For Whole Foods specifically, the issue was brought to light by a widespread demonstration/protest in Houston, lead by Michael Allen, founder of End Mass Incarceration Houston. Allen told NPR "People are incarcerated and then forced to work for pennies on the dollar — compare that to what the products are sold for."
Whole Foods was selling goat cheese and tilapia from two companies -- Haystack Mountain Goat Dairy and Quixotic Farming, respectively -- who partner with Colorado Correctional Industries, who employ prisoners to farm dairy and fish.
According to the NPR piece, CCI's mission is designed to provide training and employment for inmates, and a spokesman for Whole Foods told them "We felt that supporting supplier partners who found a way to be part of paid, rehabilitative work being done by inmates would help people get back on their feet," while admitting he had heard some shoppers were uncomfortable with using prison labor.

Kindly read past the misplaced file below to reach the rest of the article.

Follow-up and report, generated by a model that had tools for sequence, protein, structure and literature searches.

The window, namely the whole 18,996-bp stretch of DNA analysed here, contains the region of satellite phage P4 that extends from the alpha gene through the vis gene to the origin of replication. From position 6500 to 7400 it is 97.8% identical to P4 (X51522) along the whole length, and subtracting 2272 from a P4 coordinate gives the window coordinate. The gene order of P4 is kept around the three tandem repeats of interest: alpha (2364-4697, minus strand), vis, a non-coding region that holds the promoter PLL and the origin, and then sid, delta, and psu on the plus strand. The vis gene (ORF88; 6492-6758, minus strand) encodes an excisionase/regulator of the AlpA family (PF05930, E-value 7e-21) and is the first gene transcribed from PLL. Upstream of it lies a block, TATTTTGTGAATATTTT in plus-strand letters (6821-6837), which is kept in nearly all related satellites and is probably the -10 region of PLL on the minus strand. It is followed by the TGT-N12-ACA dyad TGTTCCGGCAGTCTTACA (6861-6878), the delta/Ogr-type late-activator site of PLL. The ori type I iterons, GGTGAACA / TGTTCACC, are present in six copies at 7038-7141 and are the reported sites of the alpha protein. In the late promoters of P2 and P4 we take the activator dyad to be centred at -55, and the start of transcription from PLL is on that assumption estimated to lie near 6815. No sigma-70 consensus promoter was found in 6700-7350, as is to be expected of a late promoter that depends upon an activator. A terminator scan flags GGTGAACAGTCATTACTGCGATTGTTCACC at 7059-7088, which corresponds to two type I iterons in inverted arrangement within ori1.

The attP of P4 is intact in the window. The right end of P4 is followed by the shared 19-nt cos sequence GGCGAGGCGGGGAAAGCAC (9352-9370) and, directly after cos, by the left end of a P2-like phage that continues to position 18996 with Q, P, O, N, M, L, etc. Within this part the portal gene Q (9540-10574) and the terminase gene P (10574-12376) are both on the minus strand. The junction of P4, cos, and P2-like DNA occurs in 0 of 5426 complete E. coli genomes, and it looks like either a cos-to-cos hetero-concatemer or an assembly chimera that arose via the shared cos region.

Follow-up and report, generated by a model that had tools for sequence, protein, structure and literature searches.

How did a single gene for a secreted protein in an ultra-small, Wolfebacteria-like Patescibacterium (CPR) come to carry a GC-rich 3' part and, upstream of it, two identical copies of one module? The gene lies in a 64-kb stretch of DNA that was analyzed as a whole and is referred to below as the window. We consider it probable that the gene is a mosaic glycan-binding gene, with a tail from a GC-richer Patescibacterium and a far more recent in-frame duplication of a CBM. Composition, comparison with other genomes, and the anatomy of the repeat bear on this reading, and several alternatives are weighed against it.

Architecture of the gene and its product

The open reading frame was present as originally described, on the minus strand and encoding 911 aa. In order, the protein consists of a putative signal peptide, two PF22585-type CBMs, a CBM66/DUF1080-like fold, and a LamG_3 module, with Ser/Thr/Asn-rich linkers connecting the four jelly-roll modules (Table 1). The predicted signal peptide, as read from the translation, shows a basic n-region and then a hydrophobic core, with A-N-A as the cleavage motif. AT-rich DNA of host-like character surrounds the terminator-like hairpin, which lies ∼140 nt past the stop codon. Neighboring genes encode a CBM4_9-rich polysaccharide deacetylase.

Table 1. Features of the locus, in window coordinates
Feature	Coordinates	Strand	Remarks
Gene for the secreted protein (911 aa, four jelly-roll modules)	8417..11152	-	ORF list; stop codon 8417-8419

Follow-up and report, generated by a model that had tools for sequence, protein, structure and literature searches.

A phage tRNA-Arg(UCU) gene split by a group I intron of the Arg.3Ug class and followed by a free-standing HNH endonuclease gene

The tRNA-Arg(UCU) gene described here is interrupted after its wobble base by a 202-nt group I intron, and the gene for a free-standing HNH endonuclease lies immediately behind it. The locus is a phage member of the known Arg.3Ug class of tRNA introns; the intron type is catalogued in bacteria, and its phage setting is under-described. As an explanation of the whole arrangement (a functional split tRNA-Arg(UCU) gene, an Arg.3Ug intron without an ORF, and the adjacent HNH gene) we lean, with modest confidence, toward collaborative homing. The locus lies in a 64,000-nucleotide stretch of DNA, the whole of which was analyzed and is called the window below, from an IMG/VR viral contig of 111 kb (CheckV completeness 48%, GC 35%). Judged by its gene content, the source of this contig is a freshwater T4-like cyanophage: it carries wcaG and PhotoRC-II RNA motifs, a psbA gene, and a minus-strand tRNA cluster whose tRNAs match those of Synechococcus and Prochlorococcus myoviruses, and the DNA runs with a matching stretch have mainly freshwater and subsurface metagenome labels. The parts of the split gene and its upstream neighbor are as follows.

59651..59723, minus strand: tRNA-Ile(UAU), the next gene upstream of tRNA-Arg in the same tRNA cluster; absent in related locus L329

Whole Foods caved to the public outcry, and has vowed to cut all prison-sourced food by April of next year. Though, using these methods to source food is not uncommon in American grocery stores. CCI alone provides food for Colorado-area supermarkets with more than 2,000 inmates "employed," and is worth around $65 million dollars.
The morality of using cheap labor, and the argument that it provides inmates a valuable service, is very much subjective. But one thing is certain: the cheese you buy at Whole Foods will be prison-free come April. Ridiculously overpriced? Maybe. But definitely not from prison.
Wil Fulton is a Staff Writer for Thrillist. Follow him @wilfulton
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